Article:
Choosing a Neighbourhood in Canada
When settling into a new country, an important step is locating the right place to live and set down new roots. One great thing about Canada is its expansive ethnic diversity. In fact, in some cities, recent immigrants make up more than 40% of the population. When we think about the emergence of some of these neighbourhoods, the truth is that the different ethnicities and cultures are what create them in the first place. Think “Little Italy” or “Greektown.”
If you’re new to Canada, you’ll find it’s relatively easy to discover an area that inhabits many people of your own culture. As you acclimate to your new environment, you can do so with neighbors who speak the same language or practice the same religion. You may even find nearby shops, restaurants, and places of worship that you’re used to having back home as well. It’s also not difficult to find a landlord that is familiar with your culture.
If you’re looking to be exposed to another culture entirely, you can easily find that too! In urban areas, it’s common to see residents that are not only a mix of different cultures but socioeconomic backgrounds as well. This is largely to do with the fact that most universities and colleges are located in these areas, which attracts a high amount of student immigrants.
Factors to Consider
Many non-governmental agencies exist to help immigrants make the adjustment to Canada. These agencies will be familiar with your culture and the city. They can help you find the right neighbourhood for you or your family based on your current or future needs.
Here are some things to keep in mind when you choose a neighbourhood:
Are you close to a doctor and dental care? If you’re a completely new resident, it will take some time for you to find a doctor open to taking on new patients, so it’s best to start this process quite early. However, walk-in clinics are usually readily available in the meantime. It would be helpful to find a location that has one of these nearby as well.
Are firefighters nearby? Is it easy to find addresses in the neighbourhood? Unless you opt to live in an area that is on the rural side, it’s pretty uncommon to live in a community with no fire department nearby. Still, if you are concerned about your safety, this is something you want to consider.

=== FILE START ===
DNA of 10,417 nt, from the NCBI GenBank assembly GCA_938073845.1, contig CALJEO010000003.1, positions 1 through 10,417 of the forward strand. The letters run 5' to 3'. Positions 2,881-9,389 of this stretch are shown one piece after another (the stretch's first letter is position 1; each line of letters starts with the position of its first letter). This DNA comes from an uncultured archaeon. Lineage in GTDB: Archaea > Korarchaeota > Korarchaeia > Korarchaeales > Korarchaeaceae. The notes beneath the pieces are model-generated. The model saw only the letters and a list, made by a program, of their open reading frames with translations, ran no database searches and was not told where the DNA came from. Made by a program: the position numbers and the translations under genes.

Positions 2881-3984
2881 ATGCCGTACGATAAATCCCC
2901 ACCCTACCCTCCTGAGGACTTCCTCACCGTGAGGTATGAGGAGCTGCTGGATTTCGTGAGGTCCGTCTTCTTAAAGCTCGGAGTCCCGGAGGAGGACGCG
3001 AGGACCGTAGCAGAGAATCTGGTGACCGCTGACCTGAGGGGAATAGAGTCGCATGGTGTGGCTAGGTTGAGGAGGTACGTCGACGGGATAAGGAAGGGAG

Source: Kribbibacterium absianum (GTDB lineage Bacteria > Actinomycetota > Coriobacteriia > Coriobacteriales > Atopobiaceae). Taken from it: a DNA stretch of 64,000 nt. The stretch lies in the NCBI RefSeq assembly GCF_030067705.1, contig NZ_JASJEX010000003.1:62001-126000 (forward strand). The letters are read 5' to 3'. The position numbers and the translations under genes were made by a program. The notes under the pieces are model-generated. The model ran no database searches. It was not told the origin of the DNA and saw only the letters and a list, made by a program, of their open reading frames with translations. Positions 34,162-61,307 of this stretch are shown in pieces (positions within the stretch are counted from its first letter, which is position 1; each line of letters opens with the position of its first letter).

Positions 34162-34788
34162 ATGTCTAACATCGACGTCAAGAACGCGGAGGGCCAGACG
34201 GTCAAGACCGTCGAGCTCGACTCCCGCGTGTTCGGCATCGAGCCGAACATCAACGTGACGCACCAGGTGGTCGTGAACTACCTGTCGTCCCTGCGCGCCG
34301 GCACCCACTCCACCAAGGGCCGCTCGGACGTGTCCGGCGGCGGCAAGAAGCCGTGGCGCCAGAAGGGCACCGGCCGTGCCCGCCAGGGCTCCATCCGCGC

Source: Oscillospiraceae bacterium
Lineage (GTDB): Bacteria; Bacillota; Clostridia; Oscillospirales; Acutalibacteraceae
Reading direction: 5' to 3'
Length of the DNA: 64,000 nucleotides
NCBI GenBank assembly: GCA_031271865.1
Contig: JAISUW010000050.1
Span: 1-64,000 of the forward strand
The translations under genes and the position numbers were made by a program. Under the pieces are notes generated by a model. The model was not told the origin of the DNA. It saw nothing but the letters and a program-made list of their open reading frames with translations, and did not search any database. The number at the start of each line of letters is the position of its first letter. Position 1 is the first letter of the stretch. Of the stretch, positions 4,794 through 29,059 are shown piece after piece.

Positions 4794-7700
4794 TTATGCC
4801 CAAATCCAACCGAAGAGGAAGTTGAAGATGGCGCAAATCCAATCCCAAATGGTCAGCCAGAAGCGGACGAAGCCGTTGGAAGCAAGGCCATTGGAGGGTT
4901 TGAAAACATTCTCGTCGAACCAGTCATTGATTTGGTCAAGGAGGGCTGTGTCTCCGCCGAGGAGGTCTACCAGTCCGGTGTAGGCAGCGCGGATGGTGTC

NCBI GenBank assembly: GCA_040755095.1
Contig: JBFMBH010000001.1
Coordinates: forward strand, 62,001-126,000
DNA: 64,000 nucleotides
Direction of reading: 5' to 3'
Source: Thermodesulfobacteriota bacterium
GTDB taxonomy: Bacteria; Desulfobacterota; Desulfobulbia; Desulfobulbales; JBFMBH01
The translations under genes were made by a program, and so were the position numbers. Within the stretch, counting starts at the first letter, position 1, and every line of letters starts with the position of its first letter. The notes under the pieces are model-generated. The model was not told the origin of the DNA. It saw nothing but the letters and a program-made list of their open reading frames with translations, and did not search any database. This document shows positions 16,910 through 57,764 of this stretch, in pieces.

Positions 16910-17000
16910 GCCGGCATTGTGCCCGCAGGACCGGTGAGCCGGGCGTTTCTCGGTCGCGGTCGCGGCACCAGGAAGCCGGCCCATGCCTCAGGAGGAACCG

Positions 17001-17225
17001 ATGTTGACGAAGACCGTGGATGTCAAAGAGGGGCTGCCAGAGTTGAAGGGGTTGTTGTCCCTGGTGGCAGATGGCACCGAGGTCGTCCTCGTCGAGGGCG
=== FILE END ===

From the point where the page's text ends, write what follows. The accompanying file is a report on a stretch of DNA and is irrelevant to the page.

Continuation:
Place of Worship
Is there a place of worship for your faith in the neighbourhood? One crucial necessity for an immigrant in a new country is establishing a sense of community. While this can be done in various ways, if your religious faith is important to you, you might want to locate an area with a nearby place of worship or community you can join.
Is the neighbourhood close to public transportation? Will the public transportation system take you where you need to go and do it quickly? It might take you some time to get your driver’s license or purchase a vehicle. Until then, you’re going to want to make sure the area you live in has access to reliable public transportation. This might also be a factor if you have older kids who need a dependable way of getting to school.
Are there public parks, gyms, playgrounds, playing fields, arenas, community centers, and other recreational areas and centers in the neighbourhood? This is another excellent way to acclimate within a new community. In addition, if you’re used to having access to recreational activities in your home country, be sure to find a neighborhood that offers them nearby as well. Most neighbourhoods will have a website where you can get more information on the recreational activities they offer and how to get involved in the community. Libraries are also a particularly great place to get connected, as they will have local events and information on how to connect you or your children.
Are schools within walking distance? Do schools have access to ESL (English as a second language) programs to help your children do well? Do you feel comfortable with the students and the student mix? You want to make sure the area you live in has an inclusive and diverse learning environment to ensure your children feel comfortable. In most urban areas, schools are located within a 2km radius of any home, with a reliable bus transport system to support you should you not have transport.
If you do not have a car, can you walk to the stores? Are stores on the public transit route? It’s likely you’ll want to love somewhere where shopping centers or grocery stores are easily accessible.
Do the stores sell the foods you want? Most major grocery stores in Canada can accommodate people of many cultures. But it’s always nice when your area has a local shop that offers a variety of items you’re used to getting at home. This will be especially helpful if you or your children ever become homesick!
For South Africans, finding your Aromat spice, or Mrs Balls chutney might not be as easy, but fear not, as there are many online stores available that can help you find the small things that make Canada home again. Homesickness sorted!
If you don’t have a job, are there businesses in the area where you might find a job? If your career is more on the niche side, it won’t help you to move somewhere extremely rural where you’ll have difficulty securing employment. Think about your current career or the career you want and what areas might best align with that type of work.
For example, Kitchener and Waterloo are known to be major tech hubs in Ontario. It was the birthplace of Blackberry and many tech startups are still based in this area. Finding a home close to work will make it a convenient choice to settle.